Quiltmaker 100 Blocks

Quiltmaker 100 Blocks
My block is in the November 2015 issue!

Friday, November 13, 2015

A Confession and a UFO problem

There are some parts of quilting that I just plain don't like. Dislike is probably too mild a word. Hate would be too strong a word. 'Dread' might be the best description.  

I've thought a lot about this recently due to a UFO (UnFinished Object) challenge sponsored by the local quilt store that I frequent.  The challenge is to find and complete as many UFOs as you can from February to December of this year.  "Complete" means quilted and bound, not just a completed top. For each completed project, you throw a dollar into the kitty, and at the end of the year, the quilt store will match whatever you have accumulated to be used for a purchase at the store.  Definitely worth doing! 

In January, I started digging in my bins to see what I had in the works.  I knew that I had some UFOs, but I did not realize how many I had!  I found 41 projects in various stages of completion, and I think that I probably missed a few.   As Charlie Brown would say - "Good Grief"!  

Some of my UFOs....

So far, I have only finished 5 of those projects.  In my defense, I couldn't count my Scrap Addicts projects because I hadn't started them yet.  I did count the Knights of Columbus quilt, because I started that last August (2014).  But even if I add in the Scrap Addicts projects, I still have only completed 8 projects.  I thought that I would get a lot more done with all my free time!  

So I started analyzing my UFO list.  Tops that are completed, but not quilted make up 45%.  Another 45% is sets of blocks that are done, but have not yet been set into tops.  Only 10% are true works-in-progress.  (Yes, I am analytical by nature. And working in a scientific field for 37 years helped to reinforce that tendency!)

After some soul searching, I realized the following: I love designing quilts.  I love making quilt blocks.  I even like hand sewing the binding on a quilt.   I am not  fond of sewing blocks into rows and I definitely dread the process of finishing a quilt.  This dread is due to two things - space issues and 'how the heck do I quilt it?"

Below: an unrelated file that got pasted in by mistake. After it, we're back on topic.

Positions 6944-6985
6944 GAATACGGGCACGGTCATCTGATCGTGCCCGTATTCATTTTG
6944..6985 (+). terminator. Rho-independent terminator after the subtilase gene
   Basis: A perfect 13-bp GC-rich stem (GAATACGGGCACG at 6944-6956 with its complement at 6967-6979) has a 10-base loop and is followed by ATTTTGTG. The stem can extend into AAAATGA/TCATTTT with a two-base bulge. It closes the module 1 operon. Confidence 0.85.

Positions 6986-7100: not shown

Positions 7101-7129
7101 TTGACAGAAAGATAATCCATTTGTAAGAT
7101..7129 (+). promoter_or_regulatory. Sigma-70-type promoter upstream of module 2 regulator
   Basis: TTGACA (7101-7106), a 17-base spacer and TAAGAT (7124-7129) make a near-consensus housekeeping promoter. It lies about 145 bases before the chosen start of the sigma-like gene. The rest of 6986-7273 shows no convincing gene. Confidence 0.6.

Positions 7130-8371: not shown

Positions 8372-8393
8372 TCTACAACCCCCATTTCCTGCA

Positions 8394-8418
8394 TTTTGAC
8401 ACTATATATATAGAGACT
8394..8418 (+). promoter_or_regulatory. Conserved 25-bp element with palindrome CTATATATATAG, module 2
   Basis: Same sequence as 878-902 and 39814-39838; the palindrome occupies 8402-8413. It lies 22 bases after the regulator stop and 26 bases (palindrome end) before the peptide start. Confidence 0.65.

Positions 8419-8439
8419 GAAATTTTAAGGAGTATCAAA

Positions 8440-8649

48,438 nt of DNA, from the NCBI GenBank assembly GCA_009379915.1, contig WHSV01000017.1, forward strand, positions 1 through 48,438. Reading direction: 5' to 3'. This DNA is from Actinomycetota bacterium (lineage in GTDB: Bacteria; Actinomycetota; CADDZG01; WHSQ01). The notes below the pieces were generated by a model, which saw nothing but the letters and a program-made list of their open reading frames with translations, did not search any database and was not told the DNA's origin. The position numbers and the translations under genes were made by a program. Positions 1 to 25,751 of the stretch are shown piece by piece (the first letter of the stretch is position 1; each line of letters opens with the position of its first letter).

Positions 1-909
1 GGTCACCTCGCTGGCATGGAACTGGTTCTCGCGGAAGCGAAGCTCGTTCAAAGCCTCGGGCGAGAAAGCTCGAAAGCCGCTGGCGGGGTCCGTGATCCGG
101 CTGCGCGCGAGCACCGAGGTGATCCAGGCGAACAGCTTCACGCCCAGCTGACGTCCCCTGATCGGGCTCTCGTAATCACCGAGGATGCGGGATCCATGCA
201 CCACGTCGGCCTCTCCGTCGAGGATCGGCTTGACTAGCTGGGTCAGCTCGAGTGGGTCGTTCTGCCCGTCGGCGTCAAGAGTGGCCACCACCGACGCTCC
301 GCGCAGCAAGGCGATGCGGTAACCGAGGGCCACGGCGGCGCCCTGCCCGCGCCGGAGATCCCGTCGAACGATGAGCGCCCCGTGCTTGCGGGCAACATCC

Once you start sewing rows together, quilts tend to get large, quickly.  As more rows are added, it gets harder and harder to handle.  And I just don't have a lot of space. My sewing room is my dining room, my 'design wall' is my living room floor, and I can't sandwhich and pin baste a quilt any larger than a toddler size anywhere in my house.  

So when I do get a larger top done, I have to find a place to lay it out and get it ready for quilting.  And that is a hassle.  I used to use the Activities Center at our local parish school, but my husband isn't the facility manager anymore, and I don't have as easy access to it as I used to.  The local quilt store lets people use their upstairs retreat center if it isn't in use.  But that entails a half an hour drive along congested roads. It's an option, but not the most convenient. 

'How the heck do I quilt it' is actually two problems - the design and the logistics. I do all my quilting on my home machine, a Janome MC6600P. I can quilt a baby or toddler size quilt on it fairly easily, but anything larger is very difficult.  Trying to wrangle a twin, or even a lap size quilt is difficult, even when I set up a card table beside the dining room table to try to distribute the weight somewhat.  Quilting the blocks separately, then sewing them together is an option that I recently discovered, but it obviously won't work for the tops I already have done. I don't have the space for a long-arm, and I don't want to incur the expense to send all those tops to a professional long-arm quilter. Then there is the problem of the design.  I have taken a couple classes on machine quilting; one in person and one online, but I still agonize over what design to use!  

So now that I have answers to why my quilts aren't done, I need some help! Have you experienced any of the issues that I have?  How have you solved them?  Or are you still wrestling with them?  I would love to hear your experiences, so leave me comments!  If I get 10 or more comments, I will draw a name and send you a copy of the new 100 Blocks magazine with my block in it!


1 comment:

  1. Years ago I used to quilt on my home machine. It didn't take too many quilts bigger than baby size for me to decide it didn't work for me, so I can appreciate your dilemma. Back then I found a long arm quilter who did fairly basic things, and she was quick and not expensive. But as my piecing skills got better I decided the quality of her work just wasn't cutting it. Now I am fortunate enough to have a mid-arm machine. For a long time I had a friend who used my machine and she would sometimes give me fabric or gift cards as a thank you. Do you have a friend with a machine you could use? I've also heard of people who trade with friends -- like you piece something for her, she quilts something for you. That sounds like a good deal if you can get it. I wish you the best of luck in finding a workable solution! Also, I looked at your profile and noticed your location. I grew up in Allegheny County! I haven't lived there in a long time, but do go back fairly often to visit family. Nice to meet you Barb!